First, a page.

After taking an American Studies degree at Manchester University I taught English in Madrid. While working as a secretary back in London, I started writing features and hand-delivering them to the magazine publishing house around the corner. The day the first one got accepted, I packed in my job and declared myself a freelance journalist, which is basically what I remained for the next twenty years, writing features for national magazines and newspapers, such as Marie Claire, The Times and The Telegraph, and then moving on to non fiction books. My dream was always to write fiction but it wasn’t until I was forty-seven that I finally conquered the self doubt and my first novel, The Mistress’s Revenge was published.
These days I live in North London with my partner and three (nearly) grown children and one very badly behaved dog. Together with my family I spent four happy years living in Spain from 2004 to 2008 and I live in fear of people finding this out and asking me something in Spanish at which I remain shamefully inept.
My first novel, The Mistress’s Revenge, was followed by three more contemporary fiction titles under the name Tamar Cohen – The War of the WivesSomeone Else’s Wedding and The Broken.
In November 2014, my first crime novel, Dying For Christmas was published under the name Tammy Cohen, followed by First One Missing a year later, and When She Was Bad in April 2016. My latest, They All Fall Down is published in July 2017.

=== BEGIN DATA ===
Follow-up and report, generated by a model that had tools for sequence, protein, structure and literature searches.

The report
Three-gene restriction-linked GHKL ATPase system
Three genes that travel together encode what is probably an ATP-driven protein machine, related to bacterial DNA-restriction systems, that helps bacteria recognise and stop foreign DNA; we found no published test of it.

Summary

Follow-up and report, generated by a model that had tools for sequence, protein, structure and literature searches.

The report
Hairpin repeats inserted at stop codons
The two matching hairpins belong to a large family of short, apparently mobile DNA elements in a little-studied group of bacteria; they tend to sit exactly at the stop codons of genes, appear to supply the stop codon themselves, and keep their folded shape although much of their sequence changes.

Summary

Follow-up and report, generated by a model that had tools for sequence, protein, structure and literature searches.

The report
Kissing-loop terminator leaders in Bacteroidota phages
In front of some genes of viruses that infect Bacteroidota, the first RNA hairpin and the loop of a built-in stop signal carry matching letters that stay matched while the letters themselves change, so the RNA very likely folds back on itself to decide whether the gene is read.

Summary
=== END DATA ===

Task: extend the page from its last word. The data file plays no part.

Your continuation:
Writing as Rachel RhysDangerous Crossing, my first foray into historical mystery was published in March 2017.
I am a member of the Killer Women collective of London-based female UK crime writers.

For more information visit www.tammycohen.co.uk
Follow on Twitter @MsTamarCohen



Monday, 17 July 2017

The Vanishing of Audrey Wilde by Eve Chase #BlogTour @evepchase @MichaelJBooks @GabyYoung





From the present day . . .

Applecote Manor captivates Jessie with it promise of hazy summers in the Cotswolds. She believes it's the perfect escape for her troubled family. But the house has an unsettling history, and strange rumours surround the estate.
to the fifties . . .
When teenage Margot and her three sisters arrive at Applecote during the heatwave of '59, they find their aunt and uncle still reeling from the disappearance of their daughter, Audrey, five years before.
The sisters are drawn into the mystery of Audrey's vanishing - until the stifling summer takes a shocking, deadly turn. Will one unthinkable choice bind them together, or tear them apart?
Step back in time for a richly evocative mystery, where the beauty of a Cotswolds summer is vividly contrasted with the violence which shatters it.